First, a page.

Topco Associates, Skokie, Ill., the grocery distribution and services cooperative for about 13,000 stores, has announced a new at-a-glance system for rating nutritional quality in foods. A panel of 12 health and nutrition experts under lead scientist Dr. David Katz, director of the Yale University-Griffin Hospital Prevention Research Center, developed the Overall Nutritional Quality Index. This proprietary comparison tool will likely roll out nationally through grocers, food manufacturers, restaurants and online in the second half of 2008.
“Topco knows their power is in their network of stores, not in being a vertical seller of products,” observed Bishop.
In some older examples, Byerly's, Minneapolis, distributed its wild rice soup nationally back in the 1980s, and Bashas', Chandler, Ariz., committed in 2003 to supply groceries to 32 IGA supermarkets in Arizona and New Mexico that had previously been supplied by Fleming Cos. Though Bashas' did not return phone calls requesting comment for this story, at the time, company president Wayne C. Manning appeared to have territorial protection against big-chain encroachment in mind when he said, “We are very glad to step up to this opportunity to maintain a consistent supply to these stores in our area. By meeting supply needs within our own area, we strengthen the regional food retailing network. It's a winning resolution for vendors and suppliers, as well as customers in each neighborhood served by an IGA store.”
The walls of traditional competitiveness aren't barriers to today's inter-chain selling.
“It hugely changes relations between operators — it makes them more fluid,” said Bishop. “How many operators thought they'd ever buy gift cards from Safeway, enhancing their profitability even while competing against them? Idiosyncratic notions fall by the wayside when retailers realize they need gift cards, and Safeway may be the best provider.
“Because a lot of professional managers are interested in maximizing EBITDA rather than traditional market share or market dominance measures, the innate competitiveness gets moderated back,” he added. “In some respects, it is evolution from primal entrepreneurial competition to financial competition.”
If a retail company “is able to create value or monetize its assets — physical goods, assets or intellectual property — then it should almost be expected that a company do so,” said Hawkins. “The value proposition must stand on its own. In the case of Blackhawk, there would be huge expense for another retailer to try and build the technology and solution that Safeway has created. More relative to intellectual property of strategic importance, this is up to each retailer to decide.”
On his own selling of intellectual property, Hawkins said, “as Green Hills is a single store, I do not have, nor do my clients have, any issue with possible competition. While I believe Green Hills' competitors keep track of what we are doing at Green Hills, I think they also seek to learn, which I have no issue with. While other retailers have adopted loyalty marketing, it is much more difficult to duplicate the culture of loyalty marketing.”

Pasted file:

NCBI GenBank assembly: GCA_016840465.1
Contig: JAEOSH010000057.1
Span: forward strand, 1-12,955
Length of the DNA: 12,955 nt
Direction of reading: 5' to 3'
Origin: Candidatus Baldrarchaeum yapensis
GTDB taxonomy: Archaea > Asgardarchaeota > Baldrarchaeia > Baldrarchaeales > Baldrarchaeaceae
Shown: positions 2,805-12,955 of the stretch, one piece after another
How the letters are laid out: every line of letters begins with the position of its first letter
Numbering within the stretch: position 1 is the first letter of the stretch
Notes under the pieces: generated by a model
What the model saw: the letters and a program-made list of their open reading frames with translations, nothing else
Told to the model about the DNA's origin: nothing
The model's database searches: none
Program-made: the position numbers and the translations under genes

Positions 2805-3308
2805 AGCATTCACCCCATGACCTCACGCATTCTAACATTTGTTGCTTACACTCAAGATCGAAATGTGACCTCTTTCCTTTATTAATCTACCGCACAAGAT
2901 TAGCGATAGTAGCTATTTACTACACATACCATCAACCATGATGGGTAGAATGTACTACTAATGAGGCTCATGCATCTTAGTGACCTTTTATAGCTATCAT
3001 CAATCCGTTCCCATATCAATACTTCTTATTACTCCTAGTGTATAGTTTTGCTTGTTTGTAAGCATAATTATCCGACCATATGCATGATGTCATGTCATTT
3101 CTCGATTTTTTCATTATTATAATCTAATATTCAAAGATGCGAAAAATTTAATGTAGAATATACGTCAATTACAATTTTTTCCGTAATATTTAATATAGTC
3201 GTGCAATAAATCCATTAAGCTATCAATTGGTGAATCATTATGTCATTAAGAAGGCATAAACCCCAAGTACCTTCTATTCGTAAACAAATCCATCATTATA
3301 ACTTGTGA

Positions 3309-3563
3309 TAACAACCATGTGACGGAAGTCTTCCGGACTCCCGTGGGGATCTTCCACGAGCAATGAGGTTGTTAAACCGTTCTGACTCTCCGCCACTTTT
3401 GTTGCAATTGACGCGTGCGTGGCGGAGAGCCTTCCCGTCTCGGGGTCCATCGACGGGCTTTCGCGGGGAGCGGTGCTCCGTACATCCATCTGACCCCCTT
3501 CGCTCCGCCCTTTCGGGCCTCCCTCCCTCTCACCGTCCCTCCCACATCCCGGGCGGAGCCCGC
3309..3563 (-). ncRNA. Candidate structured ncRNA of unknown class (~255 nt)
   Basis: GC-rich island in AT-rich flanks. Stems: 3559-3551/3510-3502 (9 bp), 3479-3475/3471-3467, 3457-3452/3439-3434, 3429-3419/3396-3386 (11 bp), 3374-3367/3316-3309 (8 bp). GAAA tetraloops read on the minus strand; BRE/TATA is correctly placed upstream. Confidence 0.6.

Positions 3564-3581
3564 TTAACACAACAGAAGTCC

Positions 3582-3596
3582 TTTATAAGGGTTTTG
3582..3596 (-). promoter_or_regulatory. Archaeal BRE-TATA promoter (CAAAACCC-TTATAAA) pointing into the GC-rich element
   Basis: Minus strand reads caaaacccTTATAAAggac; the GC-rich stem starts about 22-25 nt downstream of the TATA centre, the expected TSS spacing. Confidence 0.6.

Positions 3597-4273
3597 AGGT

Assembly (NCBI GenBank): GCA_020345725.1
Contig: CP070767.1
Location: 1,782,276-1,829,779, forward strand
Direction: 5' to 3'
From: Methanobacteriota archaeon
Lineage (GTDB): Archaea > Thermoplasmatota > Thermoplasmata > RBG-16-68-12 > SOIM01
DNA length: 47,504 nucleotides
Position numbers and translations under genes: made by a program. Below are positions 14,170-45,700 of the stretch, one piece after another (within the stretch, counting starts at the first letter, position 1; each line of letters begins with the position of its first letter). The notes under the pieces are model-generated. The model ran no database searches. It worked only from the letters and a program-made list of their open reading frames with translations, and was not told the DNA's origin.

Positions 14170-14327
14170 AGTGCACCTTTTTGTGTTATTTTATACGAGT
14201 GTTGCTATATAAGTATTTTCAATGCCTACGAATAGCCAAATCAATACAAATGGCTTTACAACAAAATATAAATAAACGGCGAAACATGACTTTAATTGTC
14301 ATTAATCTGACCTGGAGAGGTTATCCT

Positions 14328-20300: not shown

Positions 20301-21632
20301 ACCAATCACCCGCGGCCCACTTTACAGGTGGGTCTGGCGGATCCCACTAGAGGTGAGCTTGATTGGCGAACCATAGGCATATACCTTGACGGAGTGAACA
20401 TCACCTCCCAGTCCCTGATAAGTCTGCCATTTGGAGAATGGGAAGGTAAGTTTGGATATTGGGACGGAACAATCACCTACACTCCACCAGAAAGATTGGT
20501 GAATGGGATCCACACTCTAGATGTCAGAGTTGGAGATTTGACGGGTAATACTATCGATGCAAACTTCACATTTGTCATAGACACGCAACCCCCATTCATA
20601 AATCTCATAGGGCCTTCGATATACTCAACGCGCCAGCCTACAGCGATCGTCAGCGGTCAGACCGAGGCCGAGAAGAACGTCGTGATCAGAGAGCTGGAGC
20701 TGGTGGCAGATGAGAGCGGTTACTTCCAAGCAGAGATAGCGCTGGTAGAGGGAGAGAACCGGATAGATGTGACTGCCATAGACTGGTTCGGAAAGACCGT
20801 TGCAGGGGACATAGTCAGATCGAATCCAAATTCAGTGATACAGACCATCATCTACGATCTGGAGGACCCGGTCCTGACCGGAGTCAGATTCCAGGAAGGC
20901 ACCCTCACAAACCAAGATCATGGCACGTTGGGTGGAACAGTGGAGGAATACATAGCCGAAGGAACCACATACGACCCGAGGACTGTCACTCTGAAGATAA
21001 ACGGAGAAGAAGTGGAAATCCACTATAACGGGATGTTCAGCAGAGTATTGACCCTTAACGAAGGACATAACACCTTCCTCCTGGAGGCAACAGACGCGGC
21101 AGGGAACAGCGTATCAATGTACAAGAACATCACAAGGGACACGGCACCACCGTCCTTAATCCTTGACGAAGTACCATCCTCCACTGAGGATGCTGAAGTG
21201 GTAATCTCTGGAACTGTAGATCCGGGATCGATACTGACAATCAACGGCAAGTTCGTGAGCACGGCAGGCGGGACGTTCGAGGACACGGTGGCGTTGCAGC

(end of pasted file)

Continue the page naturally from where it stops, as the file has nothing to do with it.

Regarding the gift card arrangement between Kroger and Safeway, Brian Dowling, corporate vice president, public affairs, at Safeway, told SN, “there was no issue [of competitiveness] with Kroger and our arrangement with Blackhawk.”
Similarly, Kroger spokesperson Meghan Glynn expressed to SN in December that “we are seeing a growing interest in gift cards, and this agreement allows us to present a wider array of choices for our customers.”
It remains unclear how significant to Safeway's fiscal performance the three alternative growth initiatives — gift cards, organics and health care — will be cumulatively, because, Dowling said, “we have not provided any guidance on these various current and potential revenue streams. We have made investors aware of them, but we have not quantified them.”
Burd did, however, pro-ject on Investors' Day that Blackhawk would account for 25% to 30% of Safeway's earnings over the next five years. An Argus Research report dated Dec. 28, 2007, noted that distribution points for Blackhawk cards are expected to exceed 100,000 by 2011, about double what that number was at the start of 2007.
Deborah Weinswig, an analyst with Citigroup Global Markets, New York, told SN recently that “many CEOs of Fortune 500 companies have contacted Safeway to learn how to implement health care programs to reduce overall expenditures, and Safeway is likely to be generating some consulting fees in sharing its knowledge and experience in lowering costs.”
What's the next big thing in chain-to-chain selling? Retailers will develop shared short-shelf-life refrigerated prepared foods, predicted Bishop. “They have the systems, the motivation and the distribution,” he said. “Once they develop commissaries that others will buy into, this will grow.”
Reacting to the idea, Hawkins noted: “It certainly makes sense to pursue an opportunity around decreasing shrink by selling short-shelf-life prepared foods to other retailers, providing the branding isn't a problem. This type of activity can help all parties.”